Heterotrophic heart transplant: when there are two hearts in one chest

Double Heart Transplant

Heterotrophic heart transplant (a.k.a Double heart transplant) is a surgical procedure that was first developed in the 1970’s, where the donor’s heart is transplanted without removing the recipient’s original heart

Heterotrophic heart transplantation was first performed on humans in 1974. What makes it different from the traditional heart transplantation is the fact that the patient's original heart is not removed.  During surgery, the donor's heart is connected to the recipient's blood vessels, thus connecting both heart chambers to the same system, creating the situation of a "double heart". The donor's heart is placed in the right side of the chest, next to the original heart.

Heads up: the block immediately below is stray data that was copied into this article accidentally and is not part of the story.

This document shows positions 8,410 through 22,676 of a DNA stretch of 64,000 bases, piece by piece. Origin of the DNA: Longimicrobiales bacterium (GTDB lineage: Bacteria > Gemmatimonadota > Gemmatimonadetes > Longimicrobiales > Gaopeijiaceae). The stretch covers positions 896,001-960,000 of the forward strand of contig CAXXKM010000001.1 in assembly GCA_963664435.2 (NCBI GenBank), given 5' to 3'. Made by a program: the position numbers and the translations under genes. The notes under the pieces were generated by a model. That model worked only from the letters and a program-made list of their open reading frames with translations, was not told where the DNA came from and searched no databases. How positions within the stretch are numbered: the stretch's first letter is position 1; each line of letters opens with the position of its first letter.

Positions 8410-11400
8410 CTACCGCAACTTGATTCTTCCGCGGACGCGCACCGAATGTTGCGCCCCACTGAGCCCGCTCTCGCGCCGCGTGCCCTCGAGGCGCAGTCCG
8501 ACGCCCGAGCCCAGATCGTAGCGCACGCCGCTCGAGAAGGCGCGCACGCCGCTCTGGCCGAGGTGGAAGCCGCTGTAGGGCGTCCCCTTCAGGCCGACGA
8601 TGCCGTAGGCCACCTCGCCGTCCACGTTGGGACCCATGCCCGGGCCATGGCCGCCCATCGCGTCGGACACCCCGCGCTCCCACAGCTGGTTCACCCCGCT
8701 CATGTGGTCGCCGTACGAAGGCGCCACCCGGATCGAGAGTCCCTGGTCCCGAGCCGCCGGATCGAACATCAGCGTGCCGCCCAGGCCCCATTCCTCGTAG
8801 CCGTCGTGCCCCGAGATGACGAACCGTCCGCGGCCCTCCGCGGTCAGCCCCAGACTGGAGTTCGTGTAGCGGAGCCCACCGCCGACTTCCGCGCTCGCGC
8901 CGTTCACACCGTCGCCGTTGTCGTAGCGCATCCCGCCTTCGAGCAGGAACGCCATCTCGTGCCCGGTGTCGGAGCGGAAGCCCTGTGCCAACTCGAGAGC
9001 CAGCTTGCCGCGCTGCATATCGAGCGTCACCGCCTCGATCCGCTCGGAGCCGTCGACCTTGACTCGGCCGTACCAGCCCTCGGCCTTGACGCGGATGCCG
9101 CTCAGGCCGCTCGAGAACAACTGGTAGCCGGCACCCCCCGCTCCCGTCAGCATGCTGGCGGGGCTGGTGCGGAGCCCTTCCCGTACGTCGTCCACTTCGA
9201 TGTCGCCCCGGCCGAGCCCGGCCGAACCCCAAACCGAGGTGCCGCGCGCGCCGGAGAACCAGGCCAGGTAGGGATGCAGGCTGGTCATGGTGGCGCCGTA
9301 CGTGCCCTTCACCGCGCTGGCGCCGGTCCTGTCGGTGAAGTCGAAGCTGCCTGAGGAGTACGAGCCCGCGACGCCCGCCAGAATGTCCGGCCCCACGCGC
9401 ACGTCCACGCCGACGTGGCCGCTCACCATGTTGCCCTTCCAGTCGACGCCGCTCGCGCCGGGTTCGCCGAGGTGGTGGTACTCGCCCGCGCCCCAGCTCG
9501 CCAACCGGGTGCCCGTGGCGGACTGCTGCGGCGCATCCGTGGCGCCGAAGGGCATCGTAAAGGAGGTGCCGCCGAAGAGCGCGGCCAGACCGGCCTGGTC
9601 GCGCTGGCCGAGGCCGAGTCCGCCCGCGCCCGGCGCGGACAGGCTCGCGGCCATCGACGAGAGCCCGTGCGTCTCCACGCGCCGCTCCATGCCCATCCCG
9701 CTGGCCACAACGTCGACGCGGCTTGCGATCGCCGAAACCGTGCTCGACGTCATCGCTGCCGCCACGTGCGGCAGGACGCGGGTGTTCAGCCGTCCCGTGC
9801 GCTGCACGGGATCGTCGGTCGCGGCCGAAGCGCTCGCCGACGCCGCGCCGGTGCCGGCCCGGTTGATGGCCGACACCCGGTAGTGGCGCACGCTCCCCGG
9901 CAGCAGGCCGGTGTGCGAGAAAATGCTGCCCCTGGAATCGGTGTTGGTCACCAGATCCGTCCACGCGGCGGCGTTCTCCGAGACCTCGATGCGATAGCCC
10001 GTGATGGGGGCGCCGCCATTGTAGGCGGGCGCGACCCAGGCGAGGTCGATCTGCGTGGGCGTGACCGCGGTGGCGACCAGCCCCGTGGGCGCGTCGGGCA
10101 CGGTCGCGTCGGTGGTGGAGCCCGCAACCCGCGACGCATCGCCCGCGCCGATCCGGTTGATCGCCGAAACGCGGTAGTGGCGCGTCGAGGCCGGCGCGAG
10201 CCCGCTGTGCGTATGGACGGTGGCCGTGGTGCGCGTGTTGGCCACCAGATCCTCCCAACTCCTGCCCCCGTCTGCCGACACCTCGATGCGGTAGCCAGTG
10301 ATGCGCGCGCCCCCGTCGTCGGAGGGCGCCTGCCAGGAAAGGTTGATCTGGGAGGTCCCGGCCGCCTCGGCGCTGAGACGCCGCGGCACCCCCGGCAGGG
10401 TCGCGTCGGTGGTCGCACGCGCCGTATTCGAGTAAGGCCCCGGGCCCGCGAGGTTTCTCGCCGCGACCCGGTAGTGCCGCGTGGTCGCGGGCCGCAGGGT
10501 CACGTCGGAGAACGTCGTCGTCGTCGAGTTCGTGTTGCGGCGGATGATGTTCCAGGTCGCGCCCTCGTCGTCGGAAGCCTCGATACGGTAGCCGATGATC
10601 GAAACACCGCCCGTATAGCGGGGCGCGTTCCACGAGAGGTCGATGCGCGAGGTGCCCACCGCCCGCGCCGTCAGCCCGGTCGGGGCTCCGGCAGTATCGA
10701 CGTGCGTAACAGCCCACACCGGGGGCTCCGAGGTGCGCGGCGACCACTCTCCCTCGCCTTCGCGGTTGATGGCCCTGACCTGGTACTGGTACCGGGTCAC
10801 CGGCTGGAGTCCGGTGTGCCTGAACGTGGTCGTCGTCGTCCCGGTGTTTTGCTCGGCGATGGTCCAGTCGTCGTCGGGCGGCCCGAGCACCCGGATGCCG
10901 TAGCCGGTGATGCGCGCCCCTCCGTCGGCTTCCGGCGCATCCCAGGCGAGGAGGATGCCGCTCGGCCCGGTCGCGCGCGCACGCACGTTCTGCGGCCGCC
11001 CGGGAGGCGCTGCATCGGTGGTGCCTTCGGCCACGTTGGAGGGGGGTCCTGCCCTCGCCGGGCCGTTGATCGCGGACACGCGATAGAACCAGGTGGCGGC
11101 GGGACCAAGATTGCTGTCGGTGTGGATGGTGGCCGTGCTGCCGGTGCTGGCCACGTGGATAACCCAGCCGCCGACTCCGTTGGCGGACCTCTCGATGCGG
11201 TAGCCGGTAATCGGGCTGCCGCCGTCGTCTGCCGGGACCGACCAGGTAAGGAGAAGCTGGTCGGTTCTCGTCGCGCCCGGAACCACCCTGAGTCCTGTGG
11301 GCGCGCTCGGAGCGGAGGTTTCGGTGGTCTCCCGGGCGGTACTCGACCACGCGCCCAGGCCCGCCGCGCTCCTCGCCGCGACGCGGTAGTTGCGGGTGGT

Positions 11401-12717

This procedure is used when the recipient's body is too large for the donor's heart, or when the patient has pulmonary high blood pressure (that is, high blood pressure in the vessels that transport  blood from the heart to the lungs).

The advantage of this is that the procedure can give the patient's original heart time to recover, and even if the donor's heart fails, the original heart can continue beating. However, complications like organ rejection, infection and side effects of immunosuppressive medications can still occur.